When a “yes” is obtained in step 812, identify a set of program components is performed (step 816). The query results from step 810 are collected as a set of assets or program components. The set of assets is one or more assets resulting from the previously submitted query operation. Assets are typically returned in a rank order of relevance based on the probability that the result matches the target assets. Other ordering may be used as desired. Process 800 returns the set of program components to a requester (step 818) and terminates thereafter (step 820). The requester may be a user or other programmatic component capable of submitting and directing queries and receiving responses.

One or more of the illustrative embodiment illustrates a computer-implemented method which determines context specific content of program components by obtaining a set of models, maintained in a repository on a computer, generates associations between program components to create a first set of relationships and assigns a probability to each relationship in the first set of relationships to create a second set of relationships in the repository. The computer-implemented method further queries the second set of relationships, responsive to a determination that desired assets exist, identifies a set of program components, and returns the set of program components to a requester on the computer.

The flowchart and block diagrams in the figures illustrate the architecture, functionality, and operation of possible implementations of systems, methods and computer program products according to various embodiments of the present invention. In this regard, each block in the flowchart or block diagrams may represent a module, segment, or portion of code, which comprises one or more executable instructions for implementing the specified logical function(s). It should also be noted that, in some alternative implementations, the functions noted in the block may occur out of the order noted in the figures. For example, two blocks shown in succession may, in fact, be executed substantially concurrently, or the blocks may sometimes be executed in the reverse order, depending upon the functionality involved. It will also be noted that each block of the block diagrams and/or flowchart illustration, and combinations of blocks in the block diagrams and/or flowchart illustration, can be implemented by special purpose hardware-based systems that perform the specified functions or acts, or combinations of special purpose hardware and computer instructions.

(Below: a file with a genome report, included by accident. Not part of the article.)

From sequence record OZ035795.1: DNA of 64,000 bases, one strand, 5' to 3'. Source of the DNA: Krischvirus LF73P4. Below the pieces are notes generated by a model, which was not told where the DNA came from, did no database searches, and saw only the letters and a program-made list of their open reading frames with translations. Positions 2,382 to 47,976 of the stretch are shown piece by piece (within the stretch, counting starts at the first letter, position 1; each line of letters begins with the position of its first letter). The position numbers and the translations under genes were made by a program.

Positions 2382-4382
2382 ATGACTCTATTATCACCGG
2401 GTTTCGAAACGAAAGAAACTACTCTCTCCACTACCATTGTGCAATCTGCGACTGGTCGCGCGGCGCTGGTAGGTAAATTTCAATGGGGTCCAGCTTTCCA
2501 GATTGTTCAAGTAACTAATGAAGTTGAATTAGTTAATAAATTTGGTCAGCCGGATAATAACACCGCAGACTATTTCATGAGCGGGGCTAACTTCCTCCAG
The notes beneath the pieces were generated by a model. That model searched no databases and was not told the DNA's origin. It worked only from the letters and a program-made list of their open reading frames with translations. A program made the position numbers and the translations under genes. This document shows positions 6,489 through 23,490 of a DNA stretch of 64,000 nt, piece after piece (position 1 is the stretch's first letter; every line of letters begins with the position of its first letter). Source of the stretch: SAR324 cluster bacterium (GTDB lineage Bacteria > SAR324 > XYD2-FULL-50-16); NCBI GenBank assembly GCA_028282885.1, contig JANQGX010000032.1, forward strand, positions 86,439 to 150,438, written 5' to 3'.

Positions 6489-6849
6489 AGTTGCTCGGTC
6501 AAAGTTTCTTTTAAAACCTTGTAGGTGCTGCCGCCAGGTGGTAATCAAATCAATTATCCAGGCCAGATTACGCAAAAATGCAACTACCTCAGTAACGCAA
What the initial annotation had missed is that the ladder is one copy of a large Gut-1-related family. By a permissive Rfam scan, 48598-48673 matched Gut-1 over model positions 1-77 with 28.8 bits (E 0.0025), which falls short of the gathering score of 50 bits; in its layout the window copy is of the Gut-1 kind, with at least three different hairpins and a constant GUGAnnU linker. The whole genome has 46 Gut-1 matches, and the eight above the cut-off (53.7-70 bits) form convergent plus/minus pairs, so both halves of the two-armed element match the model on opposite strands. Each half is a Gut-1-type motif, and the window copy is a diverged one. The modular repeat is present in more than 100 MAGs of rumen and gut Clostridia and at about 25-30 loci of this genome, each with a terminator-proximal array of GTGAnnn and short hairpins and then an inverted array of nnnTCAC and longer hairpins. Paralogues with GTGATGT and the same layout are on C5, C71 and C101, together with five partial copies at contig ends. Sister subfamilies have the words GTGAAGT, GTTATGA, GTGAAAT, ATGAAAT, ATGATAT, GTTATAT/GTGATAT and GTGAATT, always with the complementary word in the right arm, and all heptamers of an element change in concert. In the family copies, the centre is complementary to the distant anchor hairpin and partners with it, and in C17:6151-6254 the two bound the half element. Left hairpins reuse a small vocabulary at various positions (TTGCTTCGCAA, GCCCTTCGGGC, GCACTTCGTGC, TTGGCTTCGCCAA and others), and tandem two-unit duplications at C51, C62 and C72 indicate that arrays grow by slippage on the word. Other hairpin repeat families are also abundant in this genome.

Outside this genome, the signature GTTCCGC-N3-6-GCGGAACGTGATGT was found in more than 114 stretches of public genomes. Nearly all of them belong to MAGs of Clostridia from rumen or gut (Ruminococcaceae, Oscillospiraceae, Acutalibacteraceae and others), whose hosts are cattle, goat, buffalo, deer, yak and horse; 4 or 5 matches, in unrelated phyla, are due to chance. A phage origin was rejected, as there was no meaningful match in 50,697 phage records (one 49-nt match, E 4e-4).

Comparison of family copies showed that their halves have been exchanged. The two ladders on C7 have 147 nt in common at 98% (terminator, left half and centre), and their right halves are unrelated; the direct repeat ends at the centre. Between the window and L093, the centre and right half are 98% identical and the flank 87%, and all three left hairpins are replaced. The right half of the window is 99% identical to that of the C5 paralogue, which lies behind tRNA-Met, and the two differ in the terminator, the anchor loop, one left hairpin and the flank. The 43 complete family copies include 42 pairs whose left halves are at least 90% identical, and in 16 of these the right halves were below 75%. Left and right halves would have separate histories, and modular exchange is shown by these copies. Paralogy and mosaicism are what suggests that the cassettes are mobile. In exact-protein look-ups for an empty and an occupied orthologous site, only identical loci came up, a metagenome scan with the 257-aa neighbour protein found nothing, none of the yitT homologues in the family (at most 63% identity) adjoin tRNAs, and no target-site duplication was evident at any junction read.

Claims (17)

What is claimed is:
1. A computer-implemented method for identifying program components in nodes of a topic map, the computer-implemented method comprising:
generating, by a processor unit, associations based on the topic map between the program components stored in a computer readable storage device to create a first set of relationships;
generating, by the processor unit, using a Bayesian inference and accumulated evidence of the Bayesian inference, respective probabilities to the relationships in the first set of relationships to create a second set of relationships, wherein the probabilities indicate respective strengths of the associations between the program components,
responsive to a request from a requestor for a set of related program components, the processor unit:
(a) determining, using the second set of relationships, which of the program components stored in the computer readable storage device have associations with greater than a predetermined level of strength; and
(b) identifying to the requestor the program components stored in the computer readable storage device that have associations with greater than the predetermined level of strength.